MONSTRELET, Enguerran de


MONSTRELET, Enguerran de Les Chroniques

Paris, Pierre L'Huillier, 1572


FIRST EDITION thus. Folio. Three vols. 1) ff (xii) 324 (vi). 2) (viii) 201 (v). 3) (x) 255 (xii) lacking blank b4 in last vol., with all other integral blanks. Roman letter, tables in Italic, separate t-p. to each with L’Huillier’s fine olive tree device within ornate woodcut frame, fine large grotesque initials and headpieces by Jean le Blanc (signed I. B.) at beginning of each vol., figurative and floriated woodcut initials throughout, “Ex dono dna [domina] Hamden 1624” at head of first t-p, C19th armorial bookplate of Ditton Park on front pastedowns, shelf marks in red ink on front endpapers. Very light age yellowing, tiny single wormhole in lower blank margin of first few quires of vol 1, just touching a few letters, very occasional minor marginal foxing. A very good, crisp, clean copy, with good margins in excellent English diced russia c. 1820, covers with wide border of multiple gilt rules to large floriated gilt corner-pieces, centers of border with special gilt stamps of helmets, at head and tail, crossed swords and mailed gloves at sides, spines with gilt ruled raised bands, richly gilt in compartments, edges and inner dentelles gilt, a.e.g.

The first edition by Denis Sauvage; the best, most correct, and one of the loveliest of the early editions of this great Chronicle, in an excellent aristocratic binding of the romantic age with specially designed gilt stamps and important historic provenance. Intended as a supplement to Froissart, the first book begins at about 1400 and goes up to 1422. The second begins with the reign of Charles VII and continues up to 1444. The last probably owes little to Monstrelet and is usually attributed to Mathieu D’Esscouchy; it takes the history up to 1467. The work recounts, in considerable detail, i.a. the civil war between the houses of Orleans and Burgundy, the occupation of Paris and Normandy by the English (the Agincourt expedition) and their expulsion, the exploits of Joan of Arc and the ending of the Hundred Years War. European events as far away as Poland are also recorded. Monstrelet (c. 1390-1453) was in the service of Jean de Luxembourg throughout much of the period he describes; his work includes, and in some cases comprises the sole surviving source for, large numbers of documents of the period, and much of what he relates he saw either at first hand or heard from an eye-witness. He was at Cambrai when Joan of Arc was captured and was actually present at her subsequent interview with the Duke of Burgundy. With the exception of matters concerning his master (where it would have been foolhardy) Monstrelet is by and large an impartial observer, merely recording what he saw and heard, and recounting it in very considerable detail. His work is the preeminent source book for the history of events in France, and especially of the English in France, in the C15. The earlier editions of the Chroniques were generally deplorable. Without tables, indexes or notes, full of errors and mistaken names and places they are of little historical value. This version by Denis Sauvage (1521-1587) is the first critical and first reliable edition of this important text. “Cette édition est la plus belle que nous ayons de ces chroniques; et, qoique le text en ait été alteré par l’éditeur, on la recherche encore assez:” Brunet III 1832. The ex dono on the title is of Lady Hamden of Hamden House in Buckinghamshire the wife of John Hampden (ca. 1595 – 1643) politician, and one of the Five Members whose attempted unconstitutional arrest by King Charles I in the House of Commons in 1642 sparked the Civil War. Hampden was imprisoned in 1626 for refusing to subscribe to a forced loan, but it was in 1635, when the Ship Money tax was extended to the inland counties, that he made a stand against the King. Despite being one of the wealthiest landowners in the country, he refused to pay the levy, and was summoned for the assessment of 20 shillings on his Stoke Mandeville lands. Although the verdict went against Hampden by the narrowest of margins (7-5), it was a great moral victory. The decision, wrote the historian Clarendon (a contemporary of Hampden), “proved of more advantage and credit to the gentleman condemned than to the King’s service” and the reasoning of the judges “left no man anything he could call his own”.Ditton Park is within easy reach of the Hampden’s seat and these volumes perhaps were a thank you for neighboring support in difficult times. Numerous towns are named after him in the US. The binding, though unsigned, is very similar in style, with its use of multiple filets juxtaposed with ornate corner or centerpieces, to a binding in the British Library by Dawson & Lewis of London, Shelfmark c154i12. See also M M Foot, The Henry Davis Gift, vol II, no. 212, for another similar binding by Dawson and Lewis.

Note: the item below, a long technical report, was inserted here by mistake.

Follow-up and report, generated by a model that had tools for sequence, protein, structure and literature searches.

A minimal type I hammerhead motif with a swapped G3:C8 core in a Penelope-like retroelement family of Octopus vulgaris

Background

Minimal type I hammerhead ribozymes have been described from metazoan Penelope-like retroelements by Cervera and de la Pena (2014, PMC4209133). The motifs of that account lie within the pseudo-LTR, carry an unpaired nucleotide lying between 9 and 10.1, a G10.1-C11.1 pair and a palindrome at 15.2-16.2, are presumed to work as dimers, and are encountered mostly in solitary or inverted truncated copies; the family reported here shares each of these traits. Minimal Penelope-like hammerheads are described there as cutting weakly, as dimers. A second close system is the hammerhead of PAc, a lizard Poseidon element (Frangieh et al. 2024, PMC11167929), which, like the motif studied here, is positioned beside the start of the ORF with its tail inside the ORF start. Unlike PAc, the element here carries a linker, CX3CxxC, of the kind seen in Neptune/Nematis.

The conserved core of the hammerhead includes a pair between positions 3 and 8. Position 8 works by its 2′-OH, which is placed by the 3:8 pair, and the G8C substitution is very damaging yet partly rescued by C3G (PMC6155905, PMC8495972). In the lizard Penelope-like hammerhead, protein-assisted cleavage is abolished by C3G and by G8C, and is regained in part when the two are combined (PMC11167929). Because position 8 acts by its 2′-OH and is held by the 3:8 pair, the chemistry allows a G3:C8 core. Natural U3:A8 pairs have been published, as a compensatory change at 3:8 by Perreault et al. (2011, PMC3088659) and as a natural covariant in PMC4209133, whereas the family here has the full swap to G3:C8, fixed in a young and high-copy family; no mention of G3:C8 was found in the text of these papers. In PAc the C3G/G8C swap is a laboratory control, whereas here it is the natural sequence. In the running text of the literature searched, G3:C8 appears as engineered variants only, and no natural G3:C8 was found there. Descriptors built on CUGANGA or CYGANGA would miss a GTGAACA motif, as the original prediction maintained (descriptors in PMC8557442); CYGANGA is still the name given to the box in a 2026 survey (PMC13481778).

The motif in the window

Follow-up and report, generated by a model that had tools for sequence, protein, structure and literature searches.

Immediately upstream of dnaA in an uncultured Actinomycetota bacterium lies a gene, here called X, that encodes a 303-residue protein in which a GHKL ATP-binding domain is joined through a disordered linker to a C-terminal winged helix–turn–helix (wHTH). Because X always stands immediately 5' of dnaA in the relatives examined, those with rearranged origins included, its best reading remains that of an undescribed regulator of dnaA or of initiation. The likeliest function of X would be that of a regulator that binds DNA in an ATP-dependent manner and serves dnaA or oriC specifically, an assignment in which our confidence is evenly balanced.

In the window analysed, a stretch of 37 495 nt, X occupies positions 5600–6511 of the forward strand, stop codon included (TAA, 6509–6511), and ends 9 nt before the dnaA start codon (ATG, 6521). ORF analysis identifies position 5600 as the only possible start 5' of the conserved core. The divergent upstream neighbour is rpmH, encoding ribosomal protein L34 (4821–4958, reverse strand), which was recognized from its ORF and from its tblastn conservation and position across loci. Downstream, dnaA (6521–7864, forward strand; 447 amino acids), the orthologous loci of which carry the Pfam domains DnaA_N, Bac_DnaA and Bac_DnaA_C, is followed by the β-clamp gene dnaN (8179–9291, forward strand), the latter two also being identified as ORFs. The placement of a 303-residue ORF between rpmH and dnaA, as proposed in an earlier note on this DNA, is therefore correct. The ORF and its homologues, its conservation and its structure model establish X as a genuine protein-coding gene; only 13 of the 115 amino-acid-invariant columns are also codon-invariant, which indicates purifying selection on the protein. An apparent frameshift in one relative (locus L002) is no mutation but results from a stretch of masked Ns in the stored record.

BM STC Fr. p. 316. Tchemerzine IV p. 867. Adams M 1613. Hoefer vol 36 p. 30 “Une mention speciale est due à celle de Denis Sauvage.” Brunet. III 1832 “Cette édition est la plus belle que nous ayons de ses chroniques.”
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